Curious when your baby will be on the move? Many babies learn to crawl between the ages of 7 to 10 months, but it’s also normal if your baby doesn’t crawl. Some may scoot, roll or cruise along furniture until they’re ready for those first steps. 

But around 7 months, you might start to see signs of crawling readiness. Your baby may push up onto their hands and knees, rock back and forth, or pivot on their tummy. These movements indicate that they are developing the strength and coordination needed for crawling.

Then, between 8 and 10 months, some babies begin to crawl using their hands and knees, propelling themselves forward or backward. Others may opt for alternative crawling styles, such as the “army crawl” or “bear crawl.” Each baby has their own way of exploring their environment and discovering what works best for them—and it’s all normal.

To encourage crawling or similar movement, place beloved toys just out of reach and coax your little one to reach for them. Keep providing plenty of tummy time, allow them to move freely in a safe place, like a playpen or other supervised space, and support their gross motor skills through lots of play. 

Q. When do babies learn to walk? 

All babies are different when it comes to walking. Some take those first tentative steps a little earlier, and others may take a little longer to learn to balance properly. “According to the 2022 updated developmental milestones by the AAP and CDC, first steps should occur around 15 months, and by 18 months, a baby should be able to walk without holding onto anyone or anything,” says Dr. Stephanie M. Graebert, MD, a pediatrician with Children’s Hospital New Orleans. 

The age at which your baby starts walking depends on their leg strength and balance control—the ability to support their body weight and maintain balance in an upright position while moving one foot in front of the other. Remember to be patient, offer lots of encouragement, and you’re bound to see those first steps in no time.

“If your baby was born prematurely, you want to use an adjusted age for the first two years of your baby’s life when monitoring milestones,” notes Dr. Graebert. “You can calculate this ‘adjusted age’ by subtracting how many weeks early your baby was by their actual age.”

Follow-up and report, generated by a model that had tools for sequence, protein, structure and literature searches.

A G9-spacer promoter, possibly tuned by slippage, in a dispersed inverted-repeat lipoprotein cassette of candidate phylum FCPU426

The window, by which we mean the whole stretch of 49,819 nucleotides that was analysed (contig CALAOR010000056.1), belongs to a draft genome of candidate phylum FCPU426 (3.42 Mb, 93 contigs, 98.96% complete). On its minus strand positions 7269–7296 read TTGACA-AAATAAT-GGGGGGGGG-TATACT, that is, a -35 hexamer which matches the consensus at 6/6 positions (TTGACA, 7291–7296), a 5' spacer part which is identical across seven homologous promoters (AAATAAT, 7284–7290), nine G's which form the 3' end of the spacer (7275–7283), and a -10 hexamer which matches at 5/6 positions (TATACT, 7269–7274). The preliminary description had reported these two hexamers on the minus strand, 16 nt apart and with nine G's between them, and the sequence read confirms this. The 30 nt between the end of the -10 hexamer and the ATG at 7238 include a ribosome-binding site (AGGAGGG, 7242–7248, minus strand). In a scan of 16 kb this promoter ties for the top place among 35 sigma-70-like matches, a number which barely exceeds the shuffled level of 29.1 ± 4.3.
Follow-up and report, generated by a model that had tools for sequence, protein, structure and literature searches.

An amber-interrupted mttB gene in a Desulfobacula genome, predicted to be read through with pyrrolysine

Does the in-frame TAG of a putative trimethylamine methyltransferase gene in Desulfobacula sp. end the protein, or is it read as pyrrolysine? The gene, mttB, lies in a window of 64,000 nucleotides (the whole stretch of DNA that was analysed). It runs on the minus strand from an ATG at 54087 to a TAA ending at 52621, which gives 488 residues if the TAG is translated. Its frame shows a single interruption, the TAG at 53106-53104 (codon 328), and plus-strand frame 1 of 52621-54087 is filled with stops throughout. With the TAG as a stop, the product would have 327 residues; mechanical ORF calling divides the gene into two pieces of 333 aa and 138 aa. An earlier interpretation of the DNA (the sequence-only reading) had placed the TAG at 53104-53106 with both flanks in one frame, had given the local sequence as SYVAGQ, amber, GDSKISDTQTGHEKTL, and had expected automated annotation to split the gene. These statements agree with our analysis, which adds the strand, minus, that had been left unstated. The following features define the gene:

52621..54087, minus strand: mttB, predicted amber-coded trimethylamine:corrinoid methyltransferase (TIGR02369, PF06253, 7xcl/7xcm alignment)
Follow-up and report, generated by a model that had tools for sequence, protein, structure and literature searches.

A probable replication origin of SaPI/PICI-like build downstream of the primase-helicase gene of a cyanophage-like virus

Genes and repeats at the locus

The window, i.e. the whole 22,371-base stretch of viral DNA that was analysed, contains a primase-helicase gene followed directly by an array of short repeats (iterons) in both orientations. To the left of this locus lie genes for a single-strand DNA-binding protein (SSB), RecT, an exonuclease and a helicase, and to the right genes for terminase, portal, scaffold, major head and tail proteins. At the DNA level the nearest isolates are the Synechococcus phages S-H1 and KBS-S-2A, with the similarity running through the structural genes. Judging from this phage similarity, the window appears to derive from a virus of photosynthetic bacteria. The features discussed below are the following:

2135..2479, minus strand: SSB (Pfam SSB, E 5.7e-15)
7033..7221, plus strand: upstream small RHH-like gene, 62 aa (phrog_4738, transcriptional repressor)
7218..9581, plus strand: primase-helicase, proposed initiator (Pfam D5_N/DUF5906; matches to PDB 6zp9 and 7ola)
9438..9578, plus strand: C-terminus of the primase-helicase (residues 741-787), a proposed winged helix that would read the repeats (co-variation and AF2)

Starting as early as 9 to 12 months, many babies begin to show signs of walking readiness. They may pull themselves up to a standing position while holding onto furniture or a caregiver’s hand or leg for support. They may also begin to cruise along furniture, taking steps while holding on and gradually building strength and balance. 

Later on, between 12 and 15 months, your little one may start to take those first independent steps. They may be unsteady on their feet, but with practice and continued development of their leg muscles and coordination, they’ll gain more confidence and stability, usually around 18 months.

To support your little one’s first strides, provide them with a safe place to explore, whether by babyproofing certain areas of your home or heading to a park or baby-friendly playspace. Hold your child’s hand or use push toys to teach them how to put one foot in front of another, but don’t use an infant walker, which can be unsafe. Lots of unstructured play and gross motor activities can also support this major milestone. 

Q. When do babies learn to clap?

You might start to see your baby clap their hands when excited around the age of 15 months. Clapping is a super sweet milestone in your little love’s social and motor development, as it allows them to express joy and engage in interactive play. 

Earlier on, around 9 months, some babies may start to show an interest in clapping when they see others do it, and might try to imitate it themselves. At this stage, they’re usually able to bring two objects together, thanks to rapidly developing motor skills and coordination. 

Closer to 15 months, babies start to understand that clapping is a purposeful action that can be used to celebrate or show joy or excitement. With practice, their little hands become more coordinated and clapping becomes more rhythmic. 

A good way to support clapping? Clapping along with your baby during interactive songs or play. Cheering them on and offering plenty of positive reinforcement can also motivate them to start clapping. Hooray! 

First-year cognitive milestones: Frequently asked questions

Curious about your baby’s cognitive development in the first year? It’s key to remember that each baby develops at their own pace—but providing plenty of opportunities for exploration and lots of positive reinforcement can help them learn and grow. If you have any concerns about your baby’s cognitive development, reach out to your child’s pediatrician for more individualized support.